Tongue over the bit

Any tips for this? It has been my young horse’s occasional habit since I got him. I’ve had his teeth done and rechecked…I got a special bit designed to stop it. But it still happens sometimes. He does it when he gets tense…the more he does it, the more he wants to do it. It seems like an addiction. I don’t think it’s my riding, since when I had a trainer while I was away he did it with her too. I ride him as softly with my hands as possible - I never even wear gloves with him.

The only thing that stops it is keeping his flash and noseband tight. This is the advice I’ve gotten from clinicians and trainers. Not too tight for show rules but tight enough it bothers me. The woman I take occasional lessons with now wants me to move him to a double but I’m worried this will exacerbate the issue.

Any advice? Other bits? When he does it, I’ve tried stopping him to get him to fix it, or riding through so he fixes it while moving and doesn’t get a reward…but other than the tighter nose gear, it just keeps happening once in a while.

my newbie 4yr old started out putting his tongue over too. I raised the bit up a notch on each side and began trying different bridles and bits. Finally settled on a western (no noseband) headstall with a Happy Mouth Double Jointed With Roller Loose Ring bit which works great so far


If your teacher wants you to use the double bridle, I recommend at least trying one.

The horse I rode with the most resistant mouth, along with gaping, scowls, and total refusal to soften up, became a really nice riding horse with a double bridle. This horse did not put his tongue over the bit, but both me and my riding teacher were afraid that would be his next step to resist the snaffle bits. I started off with stainless steel double bridle bits and he improved. I switched to titanium double bridle bits and he became even better.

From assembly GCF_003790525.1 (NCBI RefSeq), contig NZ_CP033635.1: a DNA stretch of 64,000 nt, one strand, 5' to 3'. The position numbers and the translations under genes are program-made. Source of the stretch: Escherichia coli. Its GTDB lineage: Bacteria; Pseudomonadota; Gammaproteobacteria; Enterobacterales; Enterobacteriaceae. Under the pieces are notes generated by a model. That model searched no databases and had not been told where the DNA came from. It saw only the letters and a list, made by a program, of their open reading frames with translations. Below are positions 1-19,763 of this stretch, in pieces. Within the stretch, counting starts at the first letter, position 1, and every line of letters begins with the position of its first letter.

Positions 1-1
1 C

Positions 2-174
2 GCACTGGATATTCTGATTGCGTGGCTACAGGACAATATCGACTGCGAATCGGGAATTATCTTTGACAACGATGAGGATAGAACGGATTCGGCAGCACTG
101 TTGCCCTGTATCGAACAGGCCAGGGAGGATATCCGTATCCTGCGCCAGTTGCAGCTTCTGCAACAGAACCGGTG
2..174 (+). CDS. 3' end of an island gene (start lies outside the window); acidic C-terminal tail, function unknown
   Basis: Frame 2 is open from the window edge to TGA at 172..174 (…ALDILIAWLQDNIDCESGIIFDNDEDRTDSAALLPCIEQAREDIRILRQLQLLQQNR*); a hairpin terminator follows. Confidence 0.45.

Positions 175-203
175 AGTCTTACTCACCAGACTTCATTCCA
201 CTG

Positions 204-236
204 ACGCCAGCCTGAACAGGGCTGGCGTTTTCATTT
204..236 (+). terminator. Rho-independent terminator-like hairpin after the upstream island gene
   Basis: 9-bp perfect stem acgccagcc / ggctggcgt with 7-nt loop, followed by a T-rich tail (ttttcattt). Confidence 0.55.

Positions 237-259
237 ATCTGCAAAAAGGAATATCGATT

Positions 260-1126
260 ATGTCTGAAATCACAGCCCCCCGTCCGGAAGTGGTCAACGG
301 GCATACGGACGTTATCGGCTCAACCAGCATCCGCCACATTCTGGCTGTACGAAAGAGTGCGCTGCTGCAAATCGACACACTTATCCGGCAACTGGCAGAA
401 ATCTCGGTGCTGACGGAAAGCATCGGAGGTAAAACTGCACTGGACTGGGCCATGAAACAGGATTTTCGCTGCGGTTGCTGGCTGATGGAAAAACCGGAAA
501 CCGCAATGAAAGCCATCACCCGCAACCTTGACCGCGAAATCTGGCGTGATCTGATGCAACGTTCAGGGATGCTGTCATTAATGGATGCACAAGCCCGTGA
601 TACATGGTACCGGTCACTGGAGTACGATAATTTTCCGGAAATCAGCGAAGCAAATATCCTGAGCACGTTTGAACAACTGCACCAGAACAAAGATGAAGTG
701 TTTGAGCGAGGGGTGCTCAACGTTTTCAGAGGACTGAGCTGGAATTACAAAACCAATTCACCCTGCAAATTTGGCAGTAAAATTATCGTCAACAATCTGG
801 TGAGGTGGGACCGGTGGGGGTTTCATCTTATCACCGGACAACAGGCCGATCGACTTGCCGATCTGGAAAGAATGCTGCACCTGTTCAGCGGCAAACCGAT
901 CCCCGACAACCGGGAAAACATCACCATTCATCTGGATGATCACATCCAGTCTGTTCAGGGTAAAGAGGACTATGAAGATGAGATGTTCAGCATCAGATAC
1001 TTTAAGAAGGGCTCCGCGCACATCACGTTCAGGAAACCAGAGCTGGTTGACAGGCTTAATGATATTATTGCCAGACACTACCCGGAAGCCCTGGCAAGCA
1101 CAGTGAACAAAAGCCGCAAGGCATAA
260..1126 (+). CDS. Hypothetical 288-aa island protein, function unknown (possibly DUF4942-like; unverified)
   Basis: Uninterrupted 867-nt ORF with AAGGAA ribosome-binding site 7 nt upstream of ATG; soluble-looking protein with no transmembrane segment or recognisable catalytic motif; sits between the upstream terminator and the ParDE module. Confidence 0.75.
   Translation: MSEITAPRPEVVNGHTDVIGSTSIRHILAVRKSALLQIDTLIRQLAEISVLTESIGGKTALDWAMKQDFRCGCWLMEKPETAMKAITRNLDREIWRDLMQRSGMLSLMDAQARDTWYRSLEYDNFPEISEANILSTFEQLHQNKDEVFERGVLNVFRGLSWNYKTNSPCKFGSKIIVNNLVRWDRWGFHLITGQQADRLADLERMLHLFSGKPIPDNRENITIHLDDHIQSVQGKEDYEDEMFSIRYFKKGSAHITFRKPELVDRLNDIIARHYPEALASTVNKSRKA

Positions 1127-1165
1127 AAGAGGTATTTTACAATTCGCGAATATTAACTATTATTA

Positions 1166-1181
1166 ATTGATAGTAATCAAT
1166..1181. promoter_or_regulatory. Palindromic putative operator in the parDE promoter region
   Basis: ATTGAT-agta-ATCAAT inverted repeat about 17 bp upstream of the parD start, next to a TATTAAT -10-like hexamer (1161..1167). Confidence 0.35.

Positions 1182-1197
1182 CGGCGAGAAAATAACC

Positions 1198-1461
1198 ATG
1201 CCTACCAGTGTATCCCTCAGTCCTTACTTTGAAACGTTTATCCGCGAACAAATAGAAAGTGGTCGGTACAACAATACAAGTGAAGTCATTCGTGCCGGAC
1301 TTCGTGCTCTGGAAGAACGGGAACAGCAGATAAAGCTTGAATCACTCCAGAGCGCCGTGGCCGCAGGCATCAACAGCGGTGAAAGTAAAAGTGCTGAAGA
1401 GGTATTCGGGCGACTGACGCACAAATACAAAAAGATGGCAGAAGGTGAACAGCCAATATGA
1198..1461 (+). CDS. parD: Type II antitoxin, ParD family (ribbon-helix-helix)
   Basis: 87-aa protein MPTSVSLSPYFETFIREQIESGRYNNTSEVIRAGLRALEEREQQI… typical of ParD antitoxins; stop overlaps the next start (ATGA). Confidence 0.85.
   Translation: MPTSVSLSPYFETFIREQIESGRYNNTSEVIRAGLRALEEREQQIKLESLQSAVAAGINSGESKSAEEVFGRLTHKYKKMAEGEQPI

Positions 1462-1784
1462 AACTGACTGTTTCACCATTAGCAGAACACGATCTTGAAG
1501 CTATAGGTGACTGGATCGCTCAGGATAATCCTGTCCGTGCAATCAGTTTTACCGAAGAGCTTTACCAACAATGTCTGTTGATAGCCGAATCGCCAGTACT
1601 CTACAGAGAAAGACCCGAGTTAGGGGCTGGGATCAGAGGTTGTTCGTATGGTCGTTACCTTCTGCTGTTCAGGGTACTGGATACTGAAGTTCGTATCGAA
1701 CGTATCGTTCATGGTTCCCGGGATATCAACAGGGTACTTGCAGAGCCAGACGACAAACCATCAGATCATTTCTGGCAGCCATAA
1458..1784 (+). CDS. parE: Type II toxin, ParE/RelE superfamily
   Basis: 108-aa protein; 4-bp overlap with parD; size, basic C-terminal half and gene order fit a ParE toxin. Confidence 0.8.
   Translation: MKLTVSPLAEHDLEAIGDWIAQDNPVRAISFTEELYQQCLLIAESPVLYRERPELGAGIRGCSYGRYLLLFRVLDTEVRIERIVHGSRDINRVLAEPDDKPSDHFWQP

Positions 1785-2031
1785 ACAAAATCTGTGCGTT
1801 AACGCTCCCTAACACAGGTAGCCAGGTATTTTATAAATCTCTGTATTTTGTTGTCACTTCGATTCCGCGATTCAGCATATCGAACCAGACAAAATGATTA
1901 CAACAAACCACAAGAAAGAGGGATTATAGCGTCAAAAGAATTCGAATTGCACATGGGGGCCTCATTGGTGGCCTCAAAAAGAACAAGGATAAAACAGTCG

I also use light hands with momentary stiff hands when needed. ALL the horses I put in a double bridle improved, relaxing their jaws, tongue, lower jaws and poll. It was like with two bits in their mouth that the horse FINALLY understood what bits were all about.

I always ride with a sagging curb rein, tweaking it when I need to with immediate release. Most of the horses I have ridden in the double bridle take maybe 5 minutes, and then they understand the tweaking curb rein perfectly well.

In my experience using a double bridle can be the simplest answer for many mouth problems which arise with using just a snaffle bit.


May be the bridle itself, they all fit slightly differently, especially the anatomical ones! I would definitely try either dropping the bit a hole and/or raising it to see if he has a preference.


I am wondering if your trainer’s suggestion of the double bridle is along the same lines as what I was thinking: Mullenmouth snaffle. (No joint in the middle). I had a super sensitive mare years ago and that fixed her fussing around with the bit. She loved it. Also, unless your horse is going well in the collected work, I think using a double prematurely can cause more problems than it fixes. Try the Mullenmouth first before resorting to two bits. Just MHO. YMMV


How old is this horse?

Have you tried removing the noseband or going in a racing or western bridle?

Or have you tried dropping the bit a hole…or two…that way the horse carries the bit.

When a horse retracts the tongue and puts it over the bit, the horse is talking to you. Is the bit made out of stainless or the “aurigian” (eg. yellow brass)? Try putting brass in your mouth. It has a funny taste as the metal reacts with saliva. Stainless is inert and does not react with saliva.

Some horses go better in the simple single jointed bits…others seem to prefer the double jointed. I like egg-butt ends as the sliding rings can sometimes pinch the sides of the lips.

Keep trying different things. I would NOT put a horse into a double bridle. The double is a tradition from the old cavalry that needed “power brakes” during combat.